edited January 2019

    @Jason said:
    https://samharris.org/podcasts/free-will-revisited/, https://samharris.org/podcasts/115-sam-harris-lawrence-krauss-matt-dillahunty-1/, https://samharris.org/podcasts/124-search-reality/. I think they're able to make some of the points I'm trying to make here better than I can. They're are fairly interesting and touch upon a lot of what we've been discussing here. Have a listen, if you're so conditioned.

    Yeah, that second one specifically was the one I was thinking of where the other compatibalists and Sam were basically saying the same thing but still disagreeing.

    Maybe there's something about the exact nature of the self, that doesn't exist, that could be at the heart of it. From my point of view the I that is being negated isn't an essence inside that adds pixie dust or super fine hidden variables into the mix, the I is the illusion, rather than the choice. What that means, I think, is that all of the mix of conditions and formations are in fact still actually us, in a meaningful and functional sense.

    David
  • JasonJason God Emperor Arrakis Moderator
    edited January 2019

    @person said:

    @Jason said:

    https://samharris.org/podcasts/free-will-revisited/, https://samharris.org/podcasts/115-sam-harris-lawrence-krauss-matt-dillahunty-1/, https://samharris.org/podcasts/124-search-reality/. I think they're able to make some of the points I'm trying to make here better than I can. They're are fairly interesting and touch upon a lot of what we've been discussing here. Have a listen, if you're so conditioned.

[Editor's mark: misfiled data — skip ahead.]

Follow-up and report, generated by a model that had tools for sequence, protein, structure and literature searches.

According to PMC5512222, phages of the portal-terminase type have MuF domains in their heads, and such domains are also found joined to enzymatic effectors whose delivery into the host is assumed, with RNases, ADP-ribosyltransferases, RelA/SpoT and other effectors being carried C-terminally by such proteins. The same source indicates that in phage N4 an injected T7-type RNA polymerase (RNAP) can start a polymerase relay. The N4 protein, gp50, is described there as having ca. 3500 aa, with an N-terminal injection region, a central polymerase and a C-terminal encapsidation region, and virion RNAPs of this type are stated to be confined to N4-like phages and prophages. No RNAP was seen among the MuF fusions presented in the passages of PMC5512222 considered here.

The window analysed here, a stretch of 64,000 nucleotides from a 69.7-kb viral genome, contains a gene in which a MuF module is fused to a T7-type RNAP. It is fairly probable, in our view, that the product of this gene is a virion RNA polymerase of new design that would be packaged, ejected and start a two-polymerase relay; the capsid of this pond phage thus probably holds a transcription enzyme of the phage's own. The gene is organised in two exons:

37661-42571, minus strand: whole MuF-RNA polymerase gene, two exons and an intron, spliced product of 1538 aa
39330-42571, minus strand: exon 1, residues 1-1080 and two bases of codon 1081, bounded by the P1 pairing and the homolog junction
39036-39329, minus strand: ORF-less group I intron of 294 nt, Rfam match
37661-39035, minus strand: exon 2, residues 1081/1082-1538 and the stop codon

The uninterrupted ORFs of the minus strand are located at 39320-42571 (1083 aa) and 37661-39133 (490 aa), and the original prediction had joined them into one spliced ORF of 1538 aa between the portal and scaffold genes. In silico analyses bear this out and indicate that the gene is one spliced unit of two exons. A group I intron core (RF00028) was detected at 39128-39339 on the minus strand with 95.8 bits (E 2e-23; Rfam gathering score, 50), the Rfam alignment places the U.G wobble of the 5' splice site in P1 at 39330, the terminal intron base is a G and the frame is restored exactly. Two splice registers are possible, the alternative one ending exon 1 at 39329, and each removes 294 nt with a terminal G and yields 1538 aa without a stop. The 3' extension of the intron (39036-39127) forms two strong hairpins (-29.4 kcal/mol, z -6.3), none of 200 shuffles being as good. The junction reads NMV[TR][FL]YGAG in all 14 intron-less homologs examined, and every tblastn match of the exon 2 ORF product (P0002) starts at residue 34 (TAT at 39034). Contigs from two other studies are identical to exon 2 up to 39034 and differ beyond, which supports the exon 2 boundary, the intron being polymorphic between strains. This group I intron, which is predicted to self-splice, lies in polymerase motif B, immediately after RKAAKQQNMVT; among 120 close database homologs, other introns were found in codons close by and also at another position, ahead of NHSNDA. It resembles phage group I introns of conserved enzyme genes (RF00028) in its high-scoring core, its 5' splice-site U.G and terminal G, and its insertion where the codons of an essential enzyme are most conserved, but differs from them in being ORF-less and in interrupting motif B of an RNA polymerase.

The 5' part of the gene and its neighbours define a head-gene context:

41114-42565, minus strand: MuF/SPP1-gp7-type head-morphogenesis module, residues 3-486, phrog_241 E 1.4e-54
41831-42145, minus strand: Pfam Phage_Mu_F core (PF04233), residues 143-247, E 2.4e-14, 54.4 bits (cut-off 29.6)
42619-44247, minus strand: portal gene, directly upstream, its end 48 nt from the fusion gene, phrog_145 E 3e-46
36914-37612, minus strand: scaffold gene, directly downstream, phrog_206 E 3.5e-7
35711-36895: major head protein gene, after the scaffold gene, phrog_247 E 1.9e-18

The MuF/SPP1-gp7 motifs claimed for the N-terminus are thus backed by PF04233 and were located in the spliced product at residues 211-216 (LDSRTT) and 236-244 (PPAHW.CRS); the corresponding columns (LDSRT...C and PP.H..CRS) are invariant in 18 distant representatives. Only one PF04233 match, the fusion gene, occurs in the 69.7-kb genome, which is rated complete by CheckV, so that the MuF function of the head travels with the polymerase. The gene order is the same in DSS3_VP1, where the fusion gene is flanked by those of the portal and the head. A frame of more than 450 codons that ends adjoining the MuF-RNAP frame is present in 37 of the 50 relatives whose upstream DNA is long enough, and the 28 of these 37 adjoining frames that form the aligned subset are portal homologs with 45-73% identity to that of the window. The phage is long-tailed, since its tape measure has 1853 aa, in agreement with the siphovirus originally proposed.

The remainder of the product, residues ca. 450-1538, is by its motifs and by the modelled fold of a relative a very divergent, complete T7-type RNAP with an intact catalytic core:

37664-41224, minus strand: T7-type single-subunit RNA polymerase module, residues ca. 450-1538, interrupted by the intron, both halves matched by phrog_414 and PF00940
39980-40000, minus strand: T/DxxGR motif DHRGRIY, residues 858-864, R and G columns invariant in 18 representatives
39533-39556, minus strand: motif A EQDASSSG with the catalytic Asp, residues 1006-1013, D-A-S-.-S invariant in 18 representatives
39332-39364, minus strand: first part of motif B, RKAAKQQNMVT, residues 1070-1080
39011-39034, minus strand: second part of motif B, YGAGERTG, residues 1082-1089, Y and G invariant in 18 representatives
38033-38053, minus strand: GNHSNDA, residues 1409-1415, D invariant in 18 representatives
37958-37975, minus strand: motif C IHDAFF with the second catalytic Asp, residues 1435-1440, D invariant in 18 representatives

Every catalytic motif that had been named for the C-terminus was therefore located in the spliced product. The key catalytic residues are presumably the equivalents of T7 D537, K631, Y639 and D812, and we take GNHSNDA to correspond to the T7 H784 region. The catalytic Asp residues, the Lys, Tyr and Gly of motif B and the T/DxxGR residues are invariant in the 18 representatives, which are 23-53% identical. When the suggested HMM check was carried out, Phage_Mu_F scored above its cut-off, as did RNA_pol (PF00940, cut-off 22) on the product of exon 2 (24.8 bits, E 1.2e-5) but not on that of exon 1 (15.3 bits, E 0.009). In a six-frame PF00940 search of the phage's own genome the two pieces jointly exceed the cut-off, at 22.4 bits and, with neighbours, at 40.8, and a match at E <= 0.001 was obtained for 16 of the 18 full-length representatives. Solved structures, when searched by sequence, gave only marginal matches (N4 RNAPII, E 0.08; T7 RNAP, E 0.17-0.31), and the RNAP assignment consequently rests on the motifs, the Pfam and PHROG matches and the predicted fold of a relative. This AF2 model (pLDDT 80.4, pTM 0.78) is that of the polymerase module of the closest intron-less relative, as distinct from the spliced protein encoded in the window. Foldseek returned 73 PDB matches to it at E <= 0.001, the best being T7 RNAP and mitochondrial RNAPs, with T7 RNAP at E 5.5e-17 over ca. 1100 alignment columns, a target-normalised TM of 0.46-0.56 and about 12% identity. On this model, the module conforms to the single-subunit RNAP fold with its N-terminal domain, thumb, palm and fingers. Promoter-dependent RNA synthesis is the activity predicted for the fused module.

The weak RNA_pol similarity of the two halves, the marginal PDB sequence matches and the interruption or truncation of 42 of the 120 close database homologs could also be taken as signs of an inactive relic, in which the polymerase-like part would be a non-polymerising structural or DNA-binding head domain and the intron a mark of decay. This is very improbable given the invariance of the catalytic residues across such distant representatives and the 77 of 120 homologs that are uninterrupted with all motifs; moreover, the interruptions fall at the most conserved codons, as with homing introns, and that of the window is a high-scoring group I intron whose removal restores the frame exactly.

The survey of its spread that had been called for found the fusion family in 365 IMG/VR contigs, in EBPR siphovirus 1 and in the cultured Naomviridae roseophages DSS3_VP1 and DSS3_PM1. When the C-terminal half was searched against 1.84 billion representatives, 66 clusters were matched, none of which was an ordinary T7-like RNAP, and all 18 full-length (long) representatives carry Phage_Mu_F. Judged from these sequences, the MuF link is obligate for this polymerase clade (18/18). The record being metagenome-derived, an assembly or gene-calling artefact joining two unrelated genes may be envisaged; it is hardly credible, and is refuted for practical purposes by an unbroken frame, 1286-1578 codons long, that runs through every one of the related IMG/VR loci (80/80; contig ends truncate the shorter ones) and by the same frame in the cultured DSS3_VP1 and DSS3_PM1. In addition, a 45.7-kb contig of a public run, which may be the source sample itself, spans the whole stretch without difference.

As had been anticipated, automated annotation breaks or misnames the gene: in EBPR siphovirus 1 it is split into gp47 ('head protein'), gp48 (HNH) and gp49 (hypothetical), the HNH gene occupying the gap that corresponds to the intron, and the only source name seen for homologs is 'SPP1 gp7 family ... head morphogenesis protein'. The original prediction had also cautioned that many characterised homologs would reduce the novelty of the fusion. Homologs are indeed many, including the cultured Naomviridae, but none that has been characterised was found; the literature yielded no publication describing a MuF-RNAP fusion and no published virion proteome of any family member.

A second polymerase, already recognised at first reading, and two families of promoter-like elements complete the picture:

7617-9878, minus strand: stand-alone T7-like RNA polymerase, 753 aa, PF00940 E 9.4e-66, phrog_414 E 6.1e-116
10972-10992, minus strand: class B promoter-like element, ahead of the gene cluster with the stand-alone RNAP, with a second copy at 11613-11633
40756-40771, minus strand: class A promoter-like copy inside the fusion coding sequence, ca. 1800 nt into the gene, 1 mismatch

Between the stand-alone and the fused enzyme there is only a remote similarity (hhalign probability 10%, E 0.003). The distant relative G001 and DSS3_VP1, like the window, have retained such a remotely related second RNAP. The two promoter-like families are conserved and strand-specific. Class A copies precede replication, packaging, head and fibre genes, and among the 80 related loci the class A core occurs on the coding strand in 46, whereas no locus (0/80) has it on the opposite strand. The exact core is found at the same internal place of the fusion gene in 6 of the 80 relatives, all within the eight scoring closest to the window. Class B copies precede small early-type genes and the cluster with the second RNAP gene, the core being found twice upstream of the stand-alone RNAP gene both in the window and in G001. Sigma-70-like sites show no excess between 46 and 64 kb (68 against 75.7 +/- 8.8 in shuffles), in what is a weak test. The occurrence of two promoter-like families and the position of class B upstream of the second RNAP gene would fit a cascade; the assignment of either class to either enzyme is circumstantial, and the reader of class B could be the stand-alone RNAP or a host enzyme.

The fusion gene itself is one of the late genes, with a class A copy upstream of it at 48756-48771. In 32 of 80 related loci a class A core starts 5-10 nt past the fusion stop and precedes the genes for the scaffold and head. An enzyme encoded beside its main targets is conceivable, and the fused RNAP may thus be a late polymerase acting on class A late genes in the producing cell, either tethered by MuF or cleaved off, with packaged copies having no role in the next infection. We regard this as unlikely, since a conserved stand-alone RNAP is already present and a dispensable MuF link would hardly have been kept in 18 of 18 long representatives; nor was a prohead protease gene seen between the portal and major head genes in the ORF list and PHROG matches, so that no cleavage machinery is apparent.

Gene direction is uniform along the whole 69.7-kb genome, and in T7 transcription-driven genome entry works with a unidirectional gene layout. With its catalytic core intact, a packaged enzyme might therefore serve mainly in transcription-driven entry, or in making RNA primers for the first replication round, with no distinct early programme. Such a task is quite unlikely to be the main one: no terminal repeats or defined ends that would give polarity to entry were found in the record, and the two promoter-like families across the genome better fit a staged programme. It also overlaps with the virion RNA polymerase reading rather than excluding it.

Yeah, that second one specifically was the one I was thinking of where the other compatibalists and Sam were basically saying the same thing but still disagreeing.

    Maybe there's something about the exact nature of the self that doesn't exist that could be at the heart of it. From my point of view the I that is being negated isn't an essence inside that adds pixie dust or super fine hidden variables into the mix, the I is the illusion, rather than the choice. What that means, I think, is that all of the mix of conditions and formations are in fact still actually us, in a real and functional sense.

    Maybe. I think it makes more sense to view phenomena as conditional process than things doing stuff, so there's the choosing but no independent chooser. The choosing itself, as an action, and the feeling of a chooser behind and controlling the choosing are causally determined processes within a casually determined universe. As I said earlier, in the conventional sense [the level of first person experience], we can say it's our temporal selves, this person with such and such name, etc. who acts and is the possessor of said actions. But from the ultimate POV [the level of atoms and processes and conditionality], can there truly be said to be a possessor, a doer, a chooser? I think conditionality forces us to say no, which makes me reluctantly agree with this passage from the Visuddhimagga:

    For there is suffering, but none who suffers;
    Doing exists although there is no door.
    Extinction is but no extinguished person;
    Although there is a path, there is no goer.

  • personperson Don't believe everything you think the liminal space Veteran
    edited January 2019

    @Jason said:

    @person said:

    @Jason said:

    https://samharris.org/podcasts/free-will-revisited/, https://samharris.org/podcasts/115-sam-harris-lawrence-krauss-matt-dillahunty-1/, https://samharris.org/podcasts/124-search-reality/. I think they're able to make some of the points I'm trying to make here better than I can. They're are fairly interesting and touch upon a lot of what we've been discussing here. Have a listen, if you're so conditioned.

    Yeah, that second one specifically was the one I was thinking of where the other compatibalists and Sam were basically saying the same thing but still disagreeing.